“Does everyone die, Mummy?” asks my four year old casually one day this week while I’m folding the laundry. My heart races, because I can see where this is going, but I strive to keep my tone light and matter of fact.
“Yes, darling. Everyone dies one day, but usually not until they’re very old.”
“Or sometimes if they’re very sick.” she says.
“Yes, sometimes then.”
I carry on folding.
“Did Grandad Paul die because he was very old, or very sick, Mummy?”
Sadly my father-in-law never got to meet either of the granddaughters he would have adored, but we often talk about him.
“Well, Grandad Paul was quite old, but he also got very sick. That happens more often when people get old.”
Her huge brown eyes are solemn, taking it in. I brace myself.
“Will you die, Mummy?”
“Yes, sweetheart, I will. One day. But not yet.”
She is quiet again, and her next question is whether she can use the laundry basket as a boat. Then last night, while getting ready for bed, her lip started to tremble.
“I don’t want you to die, Mummy.” The trembling lip becomes a sob.
Bam. There it is. The knife straight through my psyche. Before this precious rainbow baby of mine was born I had several miscarriages, and then a frankly terrifying birth. She had some frightening (though thankfully harmless) health scares when she was a baby and toddler. All this led to me having massive health anxiety. Without delving too far into the murky depths of my subconscious, I developed the conviction that I was too lucky, that I didn’t deserve this baby, and that I would be punished for my unwarranted good fortune by my untimely death or hers. Cheery. I have been to some very dark places in my head during the last four years, but I am recovering at last. This, though. This is my dread. Having to leave my girls when they still need me.
I hold her close.
“I know you don’t darling. And I’m not going to yet. Look, I’m 38, aren’t I? And my mummy is still alive.” She takes this in. I want to reassure her that I won’t die for 50 years, not until she is a middle-aged woman herself, but I can’t make my lips form the words, because I don’t know for sure they’re true. How can I? How can any of us? As a spiritually curious agnostic, neither can I manage a comforting story about heaven. What I do try to articulate is the truth as I passionately believe it to be.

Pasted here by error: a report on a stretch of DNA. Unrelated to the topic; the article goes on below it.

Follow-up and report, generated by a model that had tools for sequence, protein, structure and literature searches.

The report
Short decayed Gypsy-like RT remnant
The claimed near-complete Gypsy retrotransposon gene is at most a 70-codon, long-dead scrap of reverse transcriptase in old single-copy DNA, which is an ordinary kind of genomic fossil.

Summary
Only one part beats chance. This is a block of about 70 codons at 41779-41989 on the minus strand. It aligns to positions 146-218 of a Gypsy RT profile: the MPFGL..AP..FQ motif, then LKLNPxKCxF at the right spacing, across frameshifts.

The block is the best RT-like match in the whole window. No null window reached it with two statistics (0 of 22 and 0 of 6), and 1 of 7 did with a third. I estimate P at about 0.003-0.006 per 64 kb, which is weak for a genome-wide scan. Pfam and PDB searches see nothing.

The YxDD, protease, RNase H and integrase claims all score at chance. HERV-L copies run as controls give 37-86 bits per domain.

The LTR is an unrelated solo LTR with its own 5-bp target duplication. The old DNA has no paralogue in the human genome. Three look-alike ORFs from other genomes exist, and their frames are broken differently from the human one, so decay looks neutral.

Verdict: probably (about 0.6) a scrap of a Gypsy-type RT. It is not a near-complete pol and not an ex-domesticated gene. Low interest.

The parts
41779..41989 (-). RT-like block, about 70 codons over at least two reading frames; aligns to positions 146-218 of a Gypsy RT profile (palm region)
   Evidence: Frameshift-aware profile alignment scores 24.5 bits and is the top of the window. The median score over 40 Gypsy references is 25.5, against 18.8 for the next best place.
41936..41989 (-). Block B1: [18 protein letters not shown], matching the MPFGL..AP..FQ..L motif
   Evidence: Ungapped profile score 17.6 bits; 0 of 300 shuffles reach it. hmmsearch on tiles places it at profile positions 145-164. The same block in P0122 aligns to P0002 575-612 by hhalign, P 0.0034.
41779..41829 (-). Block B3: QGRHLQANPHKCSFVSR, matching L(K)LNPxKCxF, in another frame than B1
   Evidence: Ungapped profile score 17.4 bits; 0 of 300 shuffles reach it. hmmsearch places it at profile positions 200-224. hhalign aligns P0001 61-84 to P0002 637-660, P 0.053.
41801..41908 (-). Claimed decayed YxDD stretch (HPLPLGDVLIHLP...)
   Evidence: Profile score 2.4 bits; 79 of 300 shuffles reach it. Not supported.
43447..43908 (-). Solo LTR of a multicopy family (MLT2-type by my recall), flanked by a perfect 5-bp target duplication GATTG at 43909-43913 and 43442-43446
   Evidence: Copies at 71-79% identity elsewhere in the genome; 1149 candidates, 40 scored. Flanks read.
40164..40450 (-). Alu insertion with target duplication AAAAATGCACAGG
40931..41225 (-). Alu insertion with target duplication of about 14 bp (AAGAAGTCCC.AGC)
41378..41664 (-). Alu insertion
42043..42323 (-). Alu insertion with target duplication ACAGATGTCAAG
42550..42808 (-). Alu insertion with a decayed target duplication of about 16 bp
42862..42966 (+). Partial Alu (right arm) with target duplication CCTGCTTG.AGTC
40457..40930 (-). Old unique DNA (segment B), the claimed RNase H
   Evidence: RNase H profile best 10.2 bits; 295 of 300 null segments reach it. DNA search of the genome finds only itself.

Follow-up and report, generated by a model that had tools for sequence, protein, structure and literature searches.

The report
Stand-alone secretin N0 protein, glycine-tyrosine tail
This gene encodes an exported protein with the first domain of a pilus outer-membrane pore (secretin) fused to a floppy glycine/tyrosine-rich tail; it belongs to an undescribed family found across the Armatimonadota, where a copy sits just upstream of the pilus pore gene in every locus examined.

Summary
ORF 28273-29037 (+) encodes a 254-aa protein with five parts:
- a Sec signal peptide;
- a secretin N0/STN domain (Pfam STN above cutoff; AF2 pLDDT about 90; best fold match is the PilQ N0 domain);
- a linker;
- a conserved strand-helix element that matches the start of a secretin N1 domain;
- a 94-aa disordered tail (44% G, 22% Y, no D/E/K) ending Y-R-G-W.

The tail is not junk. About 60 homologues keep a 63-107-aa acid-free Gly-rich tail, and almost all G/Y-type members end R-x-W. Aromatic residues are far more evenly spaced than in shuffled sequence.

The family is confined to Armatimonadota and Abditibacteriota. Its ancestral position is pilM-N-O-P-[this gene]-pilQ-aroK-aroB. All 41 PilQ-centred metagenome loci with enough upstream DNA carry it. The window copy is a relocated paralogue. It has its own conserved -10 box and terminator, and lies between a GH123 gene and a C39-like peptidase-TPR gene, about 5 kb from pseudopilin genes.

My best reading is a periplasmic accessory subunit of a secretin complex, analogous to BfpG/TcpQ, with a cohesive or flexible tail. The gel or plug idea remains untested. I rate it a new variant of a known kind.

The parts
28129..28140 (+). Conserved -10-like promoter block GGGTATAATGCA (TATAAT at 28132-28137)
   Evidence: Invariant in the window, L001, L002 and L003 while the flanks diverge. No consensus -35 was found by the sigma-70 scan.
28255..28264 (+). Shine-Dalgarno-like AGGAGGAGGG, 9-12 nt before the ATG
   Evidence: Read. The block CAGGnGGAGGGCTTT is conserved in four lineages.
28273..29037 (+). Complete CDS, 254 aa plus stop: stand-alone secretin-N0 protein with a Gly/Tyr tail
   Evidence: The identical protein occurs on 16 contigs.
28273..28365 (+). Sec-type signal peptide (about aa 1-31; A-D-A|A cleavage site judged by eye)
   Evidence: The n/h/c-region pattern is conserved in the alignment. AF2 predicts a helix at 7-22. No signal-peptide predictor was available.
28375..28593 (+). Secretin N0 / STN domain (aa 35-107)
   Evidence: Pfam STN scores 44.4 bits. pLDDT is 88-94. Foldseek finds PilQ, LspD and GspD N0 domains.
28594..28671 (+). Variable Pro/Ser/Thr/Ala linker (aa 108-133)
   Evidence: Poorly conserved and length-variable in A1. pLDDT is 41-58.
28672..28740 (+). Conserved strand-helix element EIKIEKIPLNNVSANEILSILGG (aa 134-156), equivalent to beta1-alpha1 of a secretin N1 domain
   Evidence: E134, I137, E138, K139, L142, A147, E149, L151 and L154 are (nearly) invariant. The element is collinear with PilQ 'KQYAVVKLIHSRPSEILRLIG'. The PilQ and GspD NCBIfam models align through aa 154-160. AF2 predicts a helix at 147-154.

“Listen my darling girl. I love you SO MUCH. You are so, so, so loved. And you always will be. Mummy will always love you, and my love will always be inside you here, [I place my hand on her heart] forever.”
We cuddle in silence.
“Will I die, Mummy?”
I struggle to keep tears from my voice.
“Yes, one day, you will. But not for a very long time.”
“I only want to die if you’re with me, Mummy.”
I could barely hold it together, but I did. Love trumps fear.
I repeat that I will always love her, that she will always be loved, that my love is part of her.
My panic-stricken mind is telling me to lock my little family in a hermetically sealed chamber, where we will live off carefully balanced vitamin supplements and take our daily ration of exercise on a padded treadmill, with a team of medics in 24/7 attendance. But I know from therapy that, even if this were possible, it is the worst way of fighting fear. I want to teach my girls to live without dread, to take the risks and feel the wind in their hair, to have adventures and taste all that this wonderful world has to offer.
I will keep you safe, I want to promise. I won’t die, I want to promise. But I can’t. All I can promise, all I will promise her and her sister every day of my life, is that I love them, and will always love them, and that love doesn’t die when we do.
This post was originally published on blogzine Selfish Mother.